A Vulnerable Technique

Flashbacks possess a special nature, generally inclined to be awkward.
on Jun 5, 2019 · 4 comments

When you had to write in school, you were probably placed under certain all-encompassing bans. “Never use the first-person” is a perennial favorite among teachers. I once had a respected professor who instructed students not to use semicolons. Now, the semicolon is a perfectly legitimate punctuation mark and has been put to many venerable uses. I believe my old professor banned it because so many people were prone to use it badly it was better that no one use it at all.

Many of the “Nevers” in writing are drawn up along a similar principle: Almost nobody does it right, so nobody should do it. Adjectives are an oft-targeted victim of this kind of reasoning. Another technique vulnerable to it is flashbacks, our topic of the day. Flashbacks possess a special nature, generally inclined to be awkward. They are written like narrative, but they are not narrative. Flashbacks disrupt the story, breaking up the flow and momentum of events to reprise old news. I have seen them done well, but I have also seen them done with extraordinary badness. Not all authors appreciate the nature or the purpose of the technique.

Two rules may be applied to the use of flashbacks. First, flashbacks must be relevant. A good way to think of this is that flashbacks must be revelatory of the story and not of the characters. What ought to be revealed of your characters can be revealed through the narrative proper: through their present talk, actions, thoughts. You might have constructed an entirely fascinating backstory, but you are telling a different story. Your story is in the present. The past throws light on the present, but the present throws light on people. There is no need of flashbacks to tell us about your characters.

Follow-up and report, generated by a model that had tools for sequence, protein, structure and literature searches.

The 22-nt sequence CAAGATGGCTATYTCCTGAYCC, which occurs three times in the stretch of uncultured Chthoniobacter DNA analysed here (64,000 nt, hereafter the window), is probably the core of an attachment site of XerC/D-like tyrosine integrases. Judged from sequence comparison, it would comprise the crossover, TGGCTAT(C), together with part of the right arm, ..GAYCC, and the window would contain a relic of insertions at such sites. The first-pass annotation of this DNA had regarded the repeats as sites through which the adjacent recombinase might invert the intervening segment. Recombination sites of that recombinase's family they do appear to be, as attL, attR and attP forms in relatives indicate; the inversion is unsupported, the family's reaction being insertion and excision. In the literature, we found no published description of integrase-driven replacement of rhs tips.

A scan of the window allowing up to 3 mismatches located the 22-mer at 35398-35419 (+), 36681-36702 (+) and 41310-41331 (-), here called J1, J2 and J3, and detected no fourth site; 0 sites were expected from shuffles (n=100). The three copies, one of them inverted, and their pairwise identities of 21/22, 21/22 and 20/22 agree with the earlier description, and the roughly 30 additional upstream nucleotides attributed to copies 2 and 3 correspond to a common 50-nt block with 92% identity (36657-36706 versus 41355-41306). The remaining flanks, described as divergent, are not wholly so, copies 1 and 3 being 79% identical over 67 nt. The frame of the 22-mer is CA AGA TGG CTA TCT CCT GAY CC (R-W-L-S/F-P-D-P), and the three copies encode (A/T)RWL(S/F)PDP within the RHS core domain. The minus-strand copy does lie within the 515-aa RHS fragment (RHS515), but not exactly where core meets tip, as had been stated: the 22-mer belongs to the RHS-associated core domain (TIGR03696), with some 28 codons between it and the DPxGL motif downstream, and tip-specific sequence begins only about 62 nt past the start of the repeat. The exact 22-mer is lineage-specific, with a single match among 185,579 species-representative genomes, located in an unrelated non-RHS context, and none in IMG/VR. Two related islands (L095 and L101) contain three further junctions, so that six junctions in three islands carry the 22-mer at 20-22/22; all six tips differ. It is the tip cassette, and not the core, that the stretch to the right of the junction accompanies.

Once I read a sci-fi novel that made excellent use of flashbacks. Very brief chapters, sprinkled among the narrative and set apart by italics, gave snapshots of the past. But these snapshots were keys to the story. They explained the nature of the present struggle, put forward mystery, foreshadowed the final revelation of villainy. Like all good flashbacks, they were dedicated to the story.

The second rule is that flashbacks must be brief. Again, flashbacks break the flow of the story, and for that reason they must be employed sparingly. Even if the flashbacks are genuinely interesting, people will become frustrated and impatient if the story is continually interrupted for field trips to the past. Flashbacks can spice up a story, but they should never be a main ingredient. Neither are they, in prodigious measure, likely to be altogether relevant. In the rare event that a prodigious measure is necessary, it is possible that you are starting the story in the wrong place.